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In all sources I've seen about quartz crystal oscillators using CMOS inverters there's a note like this:

schmitt inverter note

But why Schmitt inverter is needed? Won't classic 74HC04 work?

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  • \$\begingroup\$ It depends on what you want. If your goal is nice and clean square waves or just something. \$\endgroup\$
    – PlasmaHH
    Feb 19, 2016 at 13:41
  • \$\begingroup\$ @PlasmaHH Yes, my goal is a clean square wave \$\endgroup\$
    – bokjezd
    Feb 19, 2016 at 14:44
  • \$\begingroup\$ We have seen this circuit previously: electronics.stackexchange.com/questions/214907/… \$\endgroup\$
    – Steve G
    Feb 19, 2016 at 16:52

4 Answers 4

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A Schmitt trigger inverter is a bad idea for the first inverter which is driving the crystal directly. It may not even oscillate at all as shown, or oscillate at some undesired frequency. Note resistor R1. That is supposed to bias the inverter as a linear amplifier close to the middle of its output range. The little bit of noise generated by the inverter will be filtered by the crystal so that the part of the noise at the crystal frequency makes it back to the input of the inverter with a phase shift. It gets amplified by the inverter, filtered thru the crystal again, etc. Eventually oscillations build up to a steady level, which can take 100s of cycles or more.

This assumes the first inverter is roughly a linear amplifier. A Schmitt trigger makes it highly non-linear. It will introduce frequencies of its own, and possibly overdrive the crystal. Crystals are highly tuned filters, but giving them crap to filter is not going to result in good frequency accuracy, and may allow for stable oscillations at other than the desired frequency.

The second inverter being a Schmitt trigger does make some sense. The first inverter really produces a analog signal. It will be more of a sine wave than a square wave, and probably not full rail to rail amplitude. Normally, amplifying and clipping this by running thru another inverter is good enough. The Schmitt trigger should make the digital output signal a little cleaner.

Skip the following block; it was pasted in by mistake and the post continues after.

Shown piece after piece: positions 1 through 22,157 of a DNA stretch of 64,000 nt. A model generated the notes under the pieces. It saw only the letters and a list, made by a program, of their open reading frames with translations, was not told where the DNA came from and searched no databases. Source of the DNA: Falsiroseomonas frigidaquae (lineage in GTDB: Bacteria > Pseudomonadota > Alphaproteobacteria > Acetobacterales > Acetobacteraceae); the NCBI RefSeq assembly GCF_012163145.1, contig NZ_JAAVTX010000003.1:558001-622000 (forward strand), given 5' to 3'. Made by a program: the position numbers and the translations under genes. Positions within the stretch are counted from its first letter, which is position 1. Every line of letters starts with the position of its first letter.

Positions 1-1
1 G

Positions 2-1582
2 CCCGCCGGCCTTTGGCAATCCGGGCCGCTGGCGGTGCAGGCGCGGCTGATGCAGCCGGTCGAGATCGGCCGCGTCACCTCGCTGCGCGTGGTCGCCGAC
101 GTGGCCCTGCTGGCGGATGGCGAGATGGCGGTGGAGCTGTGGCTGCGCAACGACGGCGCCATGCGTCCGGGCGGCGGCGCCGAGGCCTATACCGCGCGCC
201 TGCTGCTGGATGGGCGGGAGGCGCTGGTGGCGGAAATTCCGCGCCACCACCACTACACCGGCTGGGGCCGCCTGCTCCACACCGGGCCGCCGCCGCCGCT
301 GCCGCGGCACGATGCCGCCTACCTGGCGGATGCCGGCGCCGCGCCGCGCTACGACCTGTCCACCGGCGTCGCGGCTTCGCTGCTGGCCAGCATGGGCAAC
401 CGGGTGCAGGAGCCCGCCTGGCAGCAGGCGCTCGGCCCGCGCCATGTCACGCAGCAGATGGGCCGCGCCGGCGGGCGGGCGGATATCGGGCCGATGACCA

Usually Schmitt triggers aren't used in crystal drivers. This is because they can't be used for the first inverter, and it's easier to use multiple inverters on the same chip. The 74HC04 you mention has 6 of them on a chip, for example.

Again, most of the time following the first stage with just another inverter gets you a good enough square wave. If you really need fast edges and the crystal frequency is low, then a Schmitt trigger can help. You can still do that with a 74HC04. I'd use one inverter to run the crystal, a second just as a buffer, then two with a little DC feedback around them to make the Schmitt trigger. The reason that takes two inverters is that you need positive gain.

Here is what I'm talking about:

Again, for many applications the output from IC1B will be good enough.

Note also that this circuit requires a parallel resonant crystal. This means its frequency is specified where the phase shift is right for feedback around a amplifier with negative gain. A series resonant crystal will work but the frequency will be off a little.

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    \$\begingroup\$ +1 for don't use a schmitt to actually sustain the crystal. \$\endgroup\$
    – Neil_UK
    Feb 19, 2016 at 14:18
  • \$\begingroup\$ I found that all crystals are the same, but sometimes parallel frequency is stamped and sometimes series. However I couldn't find which frequency is most often stamped on the crystal. \$\endgroup\$
    – bokjezd
    Feb 19, 2016 at 14:39
  • \$\begingroup\$ A series resistor between the inverter and the crystal may make things reasonably reliable, and may be useful in some cases if the inverter is within a CPLD or other such device. I would expect power efficiency to be poor, but I don't know about frequency accuracy or crystal stress. \$\endgroup\$
    – supercat
    Feb 19, 2016 at 23:54
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    \$\begingroup\$ In the past I have had issues with using the 74hc04, but I have found that the unbuffered version 74hcu04 to work very well. \$\endgroup\$
    – Mumbles
    Oct 13, 2016 at 18:13
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Beware that "Schmitt Trigger Action" (sharp cross-over comparator-based input) is often confused with a "Schmitt Trigger" (amplifier with positive feedback yielding hysteresis).